Stages of Grief
Grand Canyon University HLT-310V
June 14, 2015
The stages of grief are common for all human beings. Once experiencing a tragic loss, or trauma, many of us go through steps that help us except what has happened and to move on. Some of these stages last longer than others, depending on how the person follows each stage. In this paper, we will cover the different stages of grief and how author Nicholas Wolterstorff reflections in the book of Lament For a Son impacted his life.
In the book, Lament For a Son, Wolterstorff tells us the story of the passing of his son, Eric. Wolterstorff explains that his son was in a mountain climbing accident. Do not be confused, this book is not a novel, but a collection of anecdotes and quotes pertaining to the authors experience of dealing with a premature death. Wolterstorff, believes that it is wrong for parents to buy their child because the children represent the future. The author plays through a battle of trying to move on from the loss of his son. The author informs the family with the death of his son, but states that each of them must live their lives as if Eric was still alive. The grief of his son’s death, leaves Wolterstorff at a loss of words. He does not know what to think nor to say.
People will often deny the grief process to avert pain but it is healthier if we learn to accept the loss as we journey through the stages of grief and our life. The process has 5 stages: denial, rage, trying to negotiate or bargaining, a depressed state and finally the last stage, acquiescence. The narrator does not only go through all of the stages, but each of these stages has a different variation of duration. Wolterstorff does not have a long stage of denial. He accepts the fact that his son has past away even though it hurts him tremendously on the inside. The author has the feeling of offering Eric, his son, to someone “before the cold burning pain” pervades him. The author does not go through a stage of rage. He has stayed calm throughout the tragic loss of his son. However, as mentioned before, he tries to offer his sons body to someone, which is the stage of negotiation. The author does not wish to take the place of, but to simply be with his son again, for he has taken him for granted. Once Eric’s body is brought back, Wolterstorff is depressed. He has lost his son due to an accident, which has left a space in his heart empty. The author states that he and his family had taken Eric’s life for granted, where now they are left with no son and he wishes they had a closer bond with him. Before the funeral of his son, Wolterstorff is in a very depressed state. However, the funeral gives Wolterstorff’s soul rest. The narrator seems to be in a better place where he has prepared the liturgy that is used at his son’s funeral. This stage is the last stage of the grievance process. The author accepts the fact that his son’s in a better place now. He also accepts that even though Eric is gone, his memories will stay forever.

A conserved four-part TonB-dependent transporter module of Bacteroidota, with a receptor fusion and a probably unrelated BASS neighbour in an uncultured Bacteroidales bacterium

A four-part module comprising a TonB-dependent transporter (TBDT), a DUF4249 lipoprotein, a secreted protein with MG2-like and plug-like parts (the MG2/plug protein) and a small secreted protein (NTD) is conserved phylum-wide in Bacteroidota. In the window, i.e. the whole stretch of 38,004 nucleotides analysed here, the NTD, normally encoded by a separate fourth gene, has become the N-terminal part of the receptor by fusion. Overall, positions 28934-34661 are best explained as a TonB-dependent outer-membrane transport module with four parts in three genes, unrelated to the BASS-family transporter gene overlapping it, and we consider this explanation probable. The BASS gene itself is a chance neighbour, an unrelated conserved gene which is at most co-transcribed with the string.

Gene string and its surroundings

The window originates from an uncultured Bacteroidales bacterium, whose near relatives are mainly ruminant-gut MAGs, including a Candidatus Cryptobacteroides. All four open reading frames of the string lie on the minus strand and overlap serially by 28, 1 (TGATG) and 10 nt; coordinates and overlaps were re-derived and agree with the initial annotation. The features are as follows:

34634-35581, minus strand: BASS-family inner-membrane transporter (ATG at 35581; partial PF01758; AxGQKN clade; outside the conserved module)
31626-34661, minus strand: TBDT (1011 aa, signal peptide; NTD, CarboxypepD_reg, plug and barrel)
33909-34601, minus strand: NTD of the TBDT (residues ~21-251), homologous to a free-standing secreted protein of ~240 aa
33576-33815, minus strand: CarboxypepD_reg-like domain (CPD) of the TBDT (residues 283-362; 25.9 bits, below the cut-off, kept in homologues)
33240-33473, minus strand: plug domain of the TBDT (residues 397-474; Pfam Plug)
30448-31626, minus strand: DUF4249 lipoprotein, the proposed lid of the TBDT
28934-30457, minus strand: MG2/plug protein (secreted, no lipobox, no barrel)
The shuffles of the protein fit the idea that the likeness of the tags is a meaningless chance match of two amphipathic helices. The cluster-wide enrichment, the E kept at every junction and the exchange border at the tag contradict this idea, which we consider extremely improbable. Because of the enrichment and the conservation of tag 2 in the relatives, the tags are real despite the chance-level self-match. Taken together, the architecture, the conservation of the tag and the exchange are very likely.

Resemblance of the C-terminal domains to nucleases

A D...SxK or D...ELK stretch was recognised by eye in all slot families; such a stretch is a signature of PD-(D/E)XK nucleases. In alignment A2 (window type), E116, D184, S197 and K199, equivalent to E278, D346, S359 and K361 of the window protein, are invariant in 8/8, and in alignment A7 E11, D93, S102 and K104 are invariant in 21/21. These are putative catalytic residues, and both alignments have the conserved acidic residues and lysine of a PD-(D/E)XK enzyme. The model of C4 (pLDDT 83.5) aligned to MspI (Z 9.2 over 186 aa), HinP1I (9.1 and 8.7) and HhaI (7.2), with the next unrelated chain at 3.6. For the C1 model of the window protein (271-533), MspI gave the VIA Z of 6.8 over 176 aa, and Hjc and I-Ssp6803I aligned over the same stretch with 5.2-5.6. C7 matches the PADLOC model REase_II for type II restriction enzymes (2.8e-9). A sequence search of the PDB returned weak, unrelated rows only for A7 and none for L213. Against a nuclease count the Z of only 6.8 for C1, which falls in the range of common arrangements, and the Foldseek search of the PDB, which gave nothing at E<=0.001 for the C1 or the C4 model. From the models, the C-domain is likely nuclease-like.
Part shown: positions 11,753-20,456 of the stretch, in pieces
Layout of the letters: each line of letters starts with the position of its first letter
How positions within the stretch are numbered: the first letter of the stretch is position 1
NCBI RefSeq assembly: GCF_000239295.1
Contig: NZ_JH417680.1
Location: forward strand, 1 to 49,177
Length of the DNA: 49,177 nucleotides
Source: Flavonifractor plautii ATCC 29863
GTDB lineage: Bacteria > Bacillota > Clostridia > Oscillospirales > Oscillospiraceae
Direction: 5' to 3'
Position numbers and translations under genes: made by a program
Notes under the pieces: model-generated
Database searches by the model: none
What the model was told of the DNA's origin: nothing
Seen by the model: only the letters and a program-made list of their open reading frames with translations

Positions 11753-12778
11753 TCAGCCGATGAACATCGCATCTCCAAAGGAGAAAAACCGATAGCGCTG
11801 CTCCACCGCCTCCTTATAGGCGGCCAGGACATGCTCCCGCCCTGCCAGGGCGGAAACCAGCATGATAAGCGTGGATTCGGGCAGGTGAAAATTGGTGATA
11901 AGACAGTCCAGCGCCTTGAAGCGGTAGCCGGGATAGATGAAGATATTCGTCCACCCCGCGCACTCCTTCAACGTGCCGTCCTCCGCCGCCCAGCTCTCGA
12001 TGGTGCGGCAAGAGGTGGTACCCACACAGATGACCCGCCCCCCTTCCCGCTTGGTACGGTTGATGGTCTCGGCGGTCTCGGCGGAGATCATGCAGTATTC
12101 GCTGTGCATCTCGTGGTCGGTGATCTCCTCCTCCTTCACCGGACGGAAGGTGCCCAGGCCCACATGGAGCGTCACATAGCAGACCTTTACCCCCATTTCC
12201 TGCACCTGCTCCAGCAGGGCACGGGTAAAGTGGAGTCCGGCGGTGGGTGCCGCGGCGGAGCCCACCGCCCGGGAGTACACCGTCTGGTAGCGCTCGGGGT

In the book, Wolterstorff copes with his stress and loss in a beneficial way that lets him enjoy the rest of his life. For the narrator, books offer ways to turn from death and pain. Therefore he decided to write a book that explains the battle he has gone through with the news of his son passing away through the faith in God. The book he wrote is meant to assist other citizens in dealing with tragic problems and trauma. However, even though he writes his book, Wolerstorff still believes that it does not honor the memory of Eric.
The author accepts the fact that death is to come to everyone. That one can do whatever he or she wants to stop it, but it will come when the time comes. Wolterstorff learns to spy God in the light, but not see him in darkness. He comprehends the suffering that is happening around the world in a deeper meaning. Wolterstorff learns to live with himself even...
References: Roos, S. (2012). The Kubler-Ross Model: An Esteemed Relic. Gestalt Review, 16(3), 312-315.
Bems, N. (2012). We can carry grief and joy together Psychology Today. Retrieved from http://www.psychologytoday.com/blog/freedom-grieve/201204/we-can-carry-grief-and-joy-together
Wolterstorff, N. (1987). Lament for a son. Grand Rapids, Mich.: Eerdmans.
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